A LYING FAITH?
The good thing about reviewing David Yonggi Cho’s book is that he doesn’t communicate the best way at times. We will ‘extend grace’ to him on this shortcoming where necessary. At times, he can badly communicate the subject which in turn exposes issues we see in other Word of Faith cults. This next quote from Cho should highlight something a lot of us see in the Word of Faith cults: boasting and lying in the faith.
Cho continues his above testimony,
“I rushed to our tent church where the people had already begun praying, and after a few songs I started preaching. I expounded that scripture, and then said, “Folks, by the blessings of God I have a desk made of Philippine mahogany, a beautiful chair with an iron frame and rollers on the tips, and a bicycle made in the U.S.A. with gears on the side. Praise God! I’ve received all these things.”
The people just gasped, because they knew that I was absolutely poverty stricken. I was bragging about these things, and they could not believe their ears. In faith I was really praising God, doing just as the Word of God told me to do.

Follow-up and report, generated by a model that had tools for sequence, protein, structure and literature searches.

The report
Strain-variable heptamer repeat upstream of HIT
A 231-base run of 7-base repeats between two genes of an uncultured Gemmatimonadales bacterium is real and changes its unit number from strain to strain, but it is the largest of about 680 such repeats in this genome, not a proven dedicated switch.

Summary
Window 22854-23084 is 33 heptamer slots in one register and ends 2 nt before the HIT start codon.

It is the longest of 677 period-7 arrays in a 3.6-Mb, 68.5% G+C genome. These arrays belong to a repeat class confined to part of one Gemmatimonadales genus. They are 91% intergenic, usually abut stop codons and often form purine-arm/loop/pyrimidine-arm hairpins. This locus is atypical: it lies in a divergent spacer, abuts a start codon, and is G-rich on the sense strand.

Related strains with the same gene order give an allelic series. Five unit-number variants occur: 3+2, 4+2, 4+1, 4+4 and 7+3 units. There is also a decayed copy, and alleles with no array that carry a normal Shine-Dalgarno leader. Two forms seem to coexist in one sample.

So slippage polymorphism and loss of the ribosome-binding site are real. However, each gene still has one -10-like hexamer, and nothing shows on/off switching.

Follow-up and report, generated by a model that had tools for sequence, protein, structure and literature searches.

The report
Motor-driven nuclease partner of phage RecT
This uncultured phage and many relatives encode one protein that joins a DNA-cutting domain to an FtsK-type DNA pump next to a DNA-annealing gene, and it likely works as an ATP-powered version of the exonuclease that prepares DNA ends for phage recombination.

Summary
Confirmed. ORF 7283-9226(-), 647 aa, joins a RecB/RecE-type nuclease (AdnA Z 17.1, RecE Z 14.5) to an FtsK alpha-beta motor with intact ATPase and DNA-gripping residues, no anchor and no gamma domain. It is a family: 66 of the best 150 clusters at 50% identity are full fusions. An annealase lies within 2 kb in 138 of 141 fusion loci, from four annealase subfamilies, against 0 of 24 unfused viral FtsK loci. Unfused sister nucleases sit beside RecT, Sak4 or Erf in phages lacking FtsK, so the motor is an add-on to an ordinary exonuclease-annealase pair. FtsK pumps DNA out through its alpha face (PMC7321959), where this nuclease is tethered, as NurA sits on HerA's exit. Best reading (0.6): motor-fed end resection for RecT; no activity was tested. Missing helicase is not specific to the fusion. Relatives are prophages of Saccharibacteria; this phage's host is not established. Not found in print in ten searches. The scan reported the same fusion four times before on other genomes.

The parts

After the service, as I was walking out, three young fellows followed me and said, “Pastor, we want to see those things.”
I was taken aback and frightened, because I had not counted on having to show any of those things. These people were living in a slum area, and once they knew I had lied, it would be my last time to minister there. They would never come back. I was in a terrible situation, so I began to pray to the Lord, “Lord, from the beginning this wasn’t my idea. It was your idea for me to tell it like that. I just obeyed you, and now I’m in a terrible situation. I said it as if I had it, and now how can I explain this?” You’ve got to always help me.””